Finally, did you wonder why an Israeli helicopter crashed recently during a joint military exercise in Romania? Or why Romania just last week declared support for Israel in case of war? Here are some clues: Romanian Jews, on the whole, did better than other European Jews during WW II; and 90,000 Romanian Jews emigrated to Israel at the founding of Israel. Did you know that the first ever female foreign minister in the world was Ana Pauker, a Jewish Romanian born in what is now Moldava? The current Israeli foreign minister, Avigdor Lieberman, was born in Chishinau, Moldova, and his mother tongue is Romanian. It is no coincidence that Romania is pro-Israel and its influence will be felt more as a member of the EU. History continues to haunt us.

        As I commented to Dennis’s article, Romania is adjacent to the territory that was the ancient kingdom of Khazaria, and Khazaria is contiguous with the territory of the Scythians, homeland of the even more ancient Aryans, origin of the Iranians. One people?

        In Der Judenstaat, Theodore Herzl makes the point several times that Jews “are one people; we are one people.”
        But the Jewish people of Israel do not feel like “one people,” and are seemingly unwilling to share choseness with the great unchosen.

        Herzl was a troubled man, haunted by the death of his sister, whom he adored, and whose death at a tender age caused disruptions in the Herzl family unit. Perhaps young Theodore’s grief prevented him from understanding that ALL people are one people.

    • Koshiro
      August 17, 2010, 3:04 am

      Oh, for the love of the Flying Spaghetti Monster! If I suddenly decide that I have a “strong bond” to your house, and proceed to kick you out of it, that’s cool with you, too?

      “If people desire to live there, then it is NOT colonial as in the British in India.”
      Right. It’s colonial as the Europeans in North America.

      “Other than that, you could only propose ethnic cleansing of one or the other.”
      Strange how you are the one to consistently defend the party who has actually engaged in ethnic cleansing on an enormous scale and deny all efforts to reverse said ethnic cleansing.

    • Sumud
      August 17, 2010, 10:25 pm

      “And, I assume that you are also aware that in 1948, there was a MUTUAL land grab, in which Egypt sought large portions of the mandate, Jordan sought large portions of the mandate, Syria sought large portions of the mandate.”

      Well at least you agree it was a land grab. Syria weren’t interested in holding land in 1948 – the other arab state armies entered to (in no particular order):

      1. protect Palestinians who were being murdered and driven from their homes and land
      2. prevent Jordan (who had a secret agreement w/ the zionists to occupy the West Bank/East Jerusalem – Golda Meir making secret trips to Amman disguised as an arab) from occupying the West Bank.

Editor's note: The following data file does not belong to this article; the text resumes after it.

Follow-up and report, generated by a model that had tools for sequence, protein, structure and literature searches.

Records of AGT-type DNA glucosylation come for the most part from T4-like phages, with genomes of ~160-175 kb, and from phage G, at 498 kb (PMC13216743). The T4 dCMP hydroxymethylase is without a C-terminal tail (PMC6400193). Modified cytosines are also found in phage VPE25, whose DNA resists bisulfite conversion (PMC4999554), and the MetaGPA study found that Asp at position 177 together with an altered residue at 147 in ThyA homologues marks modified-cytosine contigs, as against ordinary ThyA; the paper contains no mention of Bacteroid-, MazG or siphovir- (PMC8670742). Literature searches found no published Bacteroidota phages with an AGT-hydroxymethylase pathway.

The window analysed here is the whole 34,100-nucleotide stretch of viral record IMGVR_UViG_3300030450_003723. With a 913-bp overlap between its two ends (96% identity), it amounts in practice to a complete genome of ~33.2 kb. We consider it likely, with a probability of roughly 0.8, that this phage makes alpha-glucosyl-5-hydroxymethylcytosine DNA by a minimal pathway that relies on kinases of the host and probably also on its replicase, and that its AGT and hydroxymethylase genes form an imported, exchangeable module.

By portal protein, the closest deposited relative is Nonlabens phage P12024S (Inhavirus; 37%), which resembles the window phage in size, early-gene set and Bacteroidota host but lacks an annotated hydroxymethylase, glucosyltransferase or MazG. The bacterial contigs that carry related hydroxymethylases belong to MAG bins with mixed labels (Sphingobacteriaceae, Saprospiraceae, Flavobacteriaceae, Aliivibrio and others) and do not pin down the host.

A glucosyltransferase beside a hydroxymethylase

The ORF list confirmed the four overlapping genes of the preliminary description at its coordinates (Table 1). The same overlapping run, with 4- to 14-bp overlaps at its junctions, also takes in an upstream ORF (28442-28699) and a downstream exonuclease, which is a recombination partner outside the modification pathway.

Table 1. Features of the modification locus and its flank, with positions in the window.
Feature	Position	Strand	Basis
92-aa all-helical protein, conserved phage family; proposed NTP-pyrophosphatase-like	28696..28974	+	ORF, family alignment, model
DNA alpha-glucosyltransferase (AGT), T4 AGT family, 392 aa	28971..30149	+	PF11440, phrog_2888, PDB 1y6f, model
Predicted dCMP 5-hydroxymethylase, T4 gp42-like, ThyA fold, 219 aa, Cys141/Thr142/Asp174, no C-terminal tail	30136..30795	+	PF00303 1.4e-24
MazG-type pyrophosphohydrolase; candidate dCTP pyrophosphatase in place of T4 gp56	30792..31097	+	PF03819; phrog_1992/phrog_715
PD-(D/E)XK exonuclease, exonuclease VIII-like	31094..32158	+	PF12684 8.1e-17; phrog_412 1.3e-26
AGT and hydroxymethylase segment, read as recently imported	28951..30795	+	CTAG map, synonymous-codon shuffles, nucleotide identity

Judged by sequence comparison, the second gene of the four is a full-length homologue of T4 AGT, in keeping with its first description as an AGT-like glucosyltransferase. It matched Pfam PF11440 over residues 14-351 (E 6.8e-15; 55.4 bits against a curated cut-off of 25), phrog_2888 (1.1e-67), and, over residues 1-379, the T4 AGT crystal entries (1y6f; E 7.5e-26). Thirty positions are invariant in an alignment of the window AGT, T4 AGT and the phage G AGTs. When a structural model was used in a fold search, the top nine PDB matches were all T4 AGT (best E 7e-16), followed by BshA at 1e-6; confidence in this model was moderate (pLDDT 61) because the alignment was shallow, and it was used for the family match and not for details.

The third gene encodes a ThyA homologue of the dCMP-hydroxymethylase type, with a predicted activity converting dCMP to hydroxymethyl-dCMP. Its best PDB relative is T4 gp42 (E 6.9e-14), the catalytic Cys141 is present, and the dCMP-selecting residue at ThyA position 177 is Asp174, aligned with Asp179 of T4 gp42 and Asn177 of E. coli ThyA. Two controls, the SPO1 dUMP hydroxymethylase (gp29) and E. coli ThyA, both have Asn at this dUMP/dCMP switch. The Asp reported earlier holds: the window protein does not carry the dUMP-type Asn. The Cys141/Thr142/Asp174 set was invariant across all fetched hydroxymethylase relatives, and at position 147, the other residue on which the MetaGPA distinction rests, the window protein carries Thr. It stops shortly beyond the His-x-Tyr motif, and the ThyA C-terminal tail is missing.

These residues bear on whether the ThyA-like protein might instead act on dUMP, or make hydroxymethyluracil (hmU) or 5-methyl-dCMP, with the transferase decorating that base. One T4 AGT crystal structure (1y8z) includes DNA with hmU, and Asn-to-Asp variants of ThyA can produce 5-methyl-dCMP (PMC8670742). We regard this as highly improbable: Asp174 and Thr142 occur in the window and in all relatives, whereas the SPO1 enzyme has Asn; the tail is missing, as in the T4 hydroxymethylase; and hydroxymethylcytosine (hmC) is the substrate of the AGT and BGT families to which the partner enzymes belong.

On what basis does “desire to live there” transform xenophobic violent settlers into something non-colonial? The Balfour Declaration and later British support (though it dwindled) was simply one colonial power handing control to another, with the rights of the indigenous population totally ignored. Nakba.

      I’m not surprised you encountered acceptance in the MIddle East, neither am I surprised you encountered bitterness. Given your professed supremacist ideology I wonder to what extent that bitterness arose after you opened your mouth.

      • Miss Dee Mena
        August 18, 2010, 3:01 am

        Talking of the new posting rules and Hasbara attention whores and trolls such as the individual above whose posts I ignore but can’t fail to see taking up lots of posting space:

        I will take bad language and cursing any day from a sincere individual who can simultaneously argue logically and contributes to a debate over the polite, pretentious and phony morality of individuals with hidden agendas who disrupt real and logical debate with their long-winded non-sequiturs and efforts to be the centre of attention.

        Sort of like the British keeping a stiff upper lip and being ultra-polite at a tea party while they were massacring the natives. “At least we were civil about it.”

        I find the obsession by Americans over a bit of bad language rather anal. Don’t throw the baby out with the bath water by making it appearances over substance.

  4. Mooser
    August 17, 2010, 8:55 am

    “and I had an emotional realization. I turned to my wife and said, “It was a landgrab, Israel’s just a landgrab”

    And it only took til 2005! Oh well, if nothing has ever been taken from you, it’s hard to know what it’s like.

    • Sumud
      August 17, 2010, 10:33 pm

      Better late than never Mooser.

      Do you not think Phil has gone out of his way to correct that?

      Palestine was totally off my radar (Israel also, I’m not jewish) until I worked a few years in the ME – and that was several years after 2005.

    • RoHa
      August 17, 2010, 11:36 pm

      Hey, he got there in the end, Mooser. Plenty still haven’t.

  5. annie
    August 17, 2010, 11:41 pm

    thanks phil, wonderful writing